Growth doesn’t require giveaways

Iowa City Press-Citizen
March 23, 2004

The Feb. 18 editorial “Biotechnology expansion right for Iowa” notes that “the proposed expansion of Coralville’s Integrated DNA Technologies is exactly the kind of business growth Iowa should encourage” and urges that its expansion be funded by the Grow Iowa Values Fund.  No reasonable person would disagree with the idea that this is the type of business growth the state should encourage.

But we ought to question whether the state should directly fund individual companies no matter how promising they may appear to be.

Questionable selections

The state has little expertise in picking and choosing which enterprises to support from among the many applicants for such funding.  All too typically, the companies chosen are not those with the best chances for scientific and financial success but those with the best political connections and the better lobbyists.  The Iowa Environmental/Education rain forest project is a dramatic example.  It originally was funded in the congressional energy bill where it, along with a number of other pork projects which, after no debate or examination, leapt over numerous projects advocated by the Department of Energy.  The department’s projects, in contrast, were requested and prioritized after extensive review and consultation by more than 100 non-partisan Office of Science advisers drawn from universities, DOE labs, industry and other government agencies.

Secretary of Energy, Spenser Abraham observed in the introduction to the report on the DOE projects that “fully half of the growth in the U.S. economy in the last 50 years was due to federal funding of scientific and technological innovation.”  He also observed that modern and effective research infrastructure, such as is advocated by the Energy Department, is critical to long-term economic growth and to maintaining U.S. leadership in science and engineering.

You can see the descriptive listing of the “Facilities for the Future of Science” projects on the Department of Energy’s Website (http://www.sc.doe.gov/Sub/Facilities_for_future/20-Year-Outlook-screen.pdf).

It is worth reading.  Some of the recommended projects could be candidates for placement in Iowa.  None has been funded.  But we will have a tropical rain forest right here in Coralville.

We see the same pattern of political decision-making unfold again and again and in state after state, as office holders pursue the Holy Grail of jobs and economic development.

Occasionally the investment succeeds, and the public benefits from an increase in employment and tax revenues.  But the promoters and investors are typically the major beneficiaries, and if the investment fails, taxpayers lose all their investment while the firm’s investors go on to some other scheme.

Biotech center needed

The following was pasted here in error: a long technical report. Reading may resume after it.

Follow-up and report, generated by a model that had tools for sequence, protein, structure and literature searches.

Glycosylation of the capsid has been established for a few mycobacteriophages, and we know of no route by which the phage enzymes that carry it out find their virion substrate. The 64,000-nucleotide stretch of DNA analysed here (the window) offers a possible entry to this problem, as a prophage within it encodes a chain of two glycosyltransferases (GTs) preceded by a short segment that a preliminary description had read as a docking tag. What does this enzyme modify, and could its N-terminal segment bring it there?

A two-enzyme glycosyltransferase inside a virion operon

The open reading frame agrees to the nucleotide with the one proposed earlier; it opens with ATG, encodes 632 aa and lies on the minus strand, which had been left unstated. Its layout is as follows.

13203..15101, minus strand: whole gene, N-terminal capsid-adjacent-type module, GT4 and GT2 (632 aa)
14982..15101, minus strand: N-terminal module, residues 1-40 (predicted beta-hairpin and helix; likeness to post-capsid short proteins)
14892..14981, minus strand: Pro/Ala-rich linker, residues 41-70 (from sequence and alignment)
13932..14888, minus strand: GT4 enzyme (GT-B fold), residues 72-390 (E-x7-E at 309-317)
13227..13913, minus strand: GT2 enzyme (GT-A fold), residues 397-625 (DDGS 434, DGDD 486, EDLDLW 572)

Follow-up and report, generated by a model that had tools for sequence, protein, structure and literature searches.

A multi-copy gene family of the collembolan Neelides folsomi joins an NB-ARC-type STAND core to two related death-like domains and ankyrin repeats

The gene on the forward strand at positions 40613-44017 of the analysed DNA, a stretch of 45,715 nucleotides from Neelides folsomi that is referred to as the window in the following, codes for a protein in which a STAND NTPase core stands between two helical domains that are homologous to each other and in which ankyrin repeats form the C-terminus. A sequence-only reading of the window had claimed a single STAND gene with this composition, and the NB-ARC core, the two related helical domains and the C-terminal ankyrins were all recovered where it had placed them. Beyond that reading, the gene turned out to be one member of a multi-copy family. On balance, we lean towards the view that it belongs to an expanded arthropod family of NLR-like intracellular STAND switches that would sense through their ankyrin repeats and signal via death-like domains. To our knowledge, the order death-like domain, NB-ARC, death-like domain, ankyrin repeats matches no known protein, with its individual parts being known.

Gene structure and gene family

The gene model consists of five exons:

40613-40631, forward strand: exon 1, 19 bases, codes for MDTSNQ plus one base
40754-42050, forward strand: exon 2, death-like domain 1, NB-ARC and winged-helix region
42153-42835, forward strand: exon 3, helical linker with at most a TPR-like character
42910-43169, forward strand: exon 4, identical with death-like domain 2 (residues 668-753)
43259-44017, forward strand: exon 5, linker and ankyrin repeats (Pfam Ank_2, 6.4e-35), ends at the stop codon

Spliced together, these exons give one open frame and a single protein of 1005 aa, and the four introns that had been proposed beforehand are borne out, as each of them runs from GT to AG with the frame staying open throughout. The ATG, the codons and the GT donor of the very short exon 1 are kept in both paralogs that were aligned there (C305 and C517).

It is difficult for the state not to play this investment development game because it seems to have become the established practice for firms to get states to bid for such projects.  As the editorial observes, all states “dangle dollars” today.

Funding projects such as those the Department of Energy has recommended is a better long-term approach.  Another approach that might be considered is that taken many years ago by North Carolina when it set up its Research Triangle Institute Park.  It made no attempt to pick winners.

Rather, it made land and facilities available in close proximity to its three major universities and developed an administrative structure that encouraged cooperation between the universities and the Institute’s tenants.  Research Triangle Institute changed the economic face of North Carolina.  Oakdale Research Park in Coralville has used a similar approach on a much smaller scale.  Even that small-scale effort has been quite beneficial.

In 1986, when I chaired the Iowa Senate Committee that allocated the anticipated proceeds from the newly-enacted lottery monies, we designated funding for a number of projects that we expected would help stimulate or encourage economic development.  We set aside $5 million annually for a biotech center.  Unfortunately, while the legislation was approved with broad bipartisan support, none of the funding was distributed by then Gov. Terry Branstad’s administration.  We ended up with words on paper – but no action.

Later, a subsequent legislature erased the words and rolled all the funding into traditional programs funded by the operating budget.

Now, more than 15 years later, Iowa is trying to play catch-up.  All states are interested in biotechnology as the engine for economic development.  Perhaps Iowa can pick and choose winners from among the applicants for the scarce dollars.  I wish them well, but I’m not optimistic.

Arthur A. Small, Jr.